Uludere report on its way despite objections
ANKARA - Hürriyet Daily News
34 villagers who were smuggling oil from Iraq were killed in a botched air raid by Turkish jets on Dec 28, 2011. AFP photo
A sub-commission of Parliament’s Human Rights Inquiry Commission decided yesterday to begin drafting its report on the Uludere incident, despite objections from main opposition Republican People’s Party (CHP) and the Peace and Democracy Party (BDP) deputies, who say the Commission should have listened to more people before drafting of the report.
The Uludere incident refers to the tragedy in which 34 civilian Kurdish villagers who were smuggling oil from Iraq were mistakenly killed in an air raid by Turkish jets on Dec. 28, 2011, in the Uludere district of the southeastern province of Şırnak.
A sub-commission was formed in January 2012 to examine the incident, which requested information and documents from the General Staff, the National Intelligence Organization (MİT) and the ministries of defense, interior and justice, while also conducting visits to the region. Yet, although 10 months have passed since the incident, the sub-commission has not been able to get any concrete findings on which institution was the first to order the bombing.
No responsible named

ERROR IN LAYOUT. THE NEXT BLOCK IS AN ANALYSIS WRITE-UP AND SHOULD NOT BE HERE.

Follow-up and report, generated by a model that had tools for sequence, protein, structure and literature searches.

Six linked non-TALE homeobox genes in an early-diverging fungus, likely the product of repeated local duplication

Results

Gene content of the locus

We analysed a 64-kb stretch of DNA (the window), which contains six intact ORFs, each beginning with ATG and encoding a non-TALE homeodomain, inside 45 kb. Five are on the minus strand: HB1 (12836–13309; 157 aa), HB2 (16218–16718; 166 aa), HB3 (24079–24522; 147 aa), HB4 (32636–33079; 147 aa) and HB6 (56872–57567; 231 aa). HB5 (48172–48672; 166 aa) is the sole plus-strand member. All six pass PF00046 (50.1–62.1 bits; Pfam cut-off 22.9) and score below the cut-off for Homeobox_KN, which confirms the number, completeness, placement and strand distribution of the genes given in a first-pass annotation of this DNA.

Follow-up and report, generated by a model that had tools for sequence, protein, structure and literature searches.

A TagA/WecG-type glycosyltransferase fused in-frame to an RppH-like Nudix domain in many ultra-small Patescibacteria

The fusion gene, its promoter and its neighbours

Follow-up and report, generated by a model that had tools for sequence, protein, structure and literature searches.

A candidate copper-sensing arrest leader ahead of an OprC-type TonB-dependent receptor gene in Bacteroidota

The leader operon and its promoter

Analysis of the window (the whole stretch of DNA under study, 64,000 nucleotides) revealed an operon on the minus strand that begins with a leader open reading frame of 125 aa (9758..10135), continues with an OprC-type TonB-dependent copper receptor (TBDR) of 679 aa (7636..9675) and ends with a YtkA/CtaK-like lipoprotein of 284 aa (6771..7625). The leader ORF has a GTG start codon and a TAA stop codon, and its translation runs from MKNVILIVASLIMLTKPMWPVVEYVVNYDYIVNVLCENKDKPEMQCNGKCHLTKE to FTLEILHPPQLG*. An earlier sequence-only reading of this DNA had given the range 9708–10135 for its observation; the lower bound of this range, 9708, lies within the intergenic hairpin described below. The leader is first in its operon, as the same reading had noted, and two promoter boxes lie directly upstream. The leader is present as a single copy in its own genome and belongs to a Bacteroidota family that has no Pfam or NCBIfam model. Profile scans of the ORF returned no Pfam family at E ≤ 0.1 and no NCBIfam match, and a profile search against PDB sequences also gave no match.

Under these conditions, parties represented at the Commission - the ruling Justice and Development Party (AKP), the CHP, the Nationalist Movement Party (MHP) and the BDP - will finalize their draft reports by Nov. 7. The commission will then gather on Nov. 14 and begin drafting the report.
The report will eventually be drafted with the votes of AKP deputies, and no civilian and military official or politician will be named as being responsible for the order, the Hürriyet Daily News learned. Because no names will be cited, the report will not contain any demands for the investigation or trial of any specific individuals. The report will simply describe the incident in detail and will express the desire not to see any repetition of any similar events.
No new document has been sent to the commission since June, when the Commission held its last meeting. CHP and BDP deputies argue that drafting a report without speaking to any senior commanders from the General Staff headquarters would be wrong, as the Commission only talked with local military officials in Şırnak.
“We object to the drafting of a report that simply explains this incident. Let’s listen to other people who should be listened to,” the CHP’s Levent Gök said. The BDP’s Ertuğrul Kürkçü said that in this way the report would be “deficient” if conducted in the method planned. “It is not possible for us to accept this,” he said.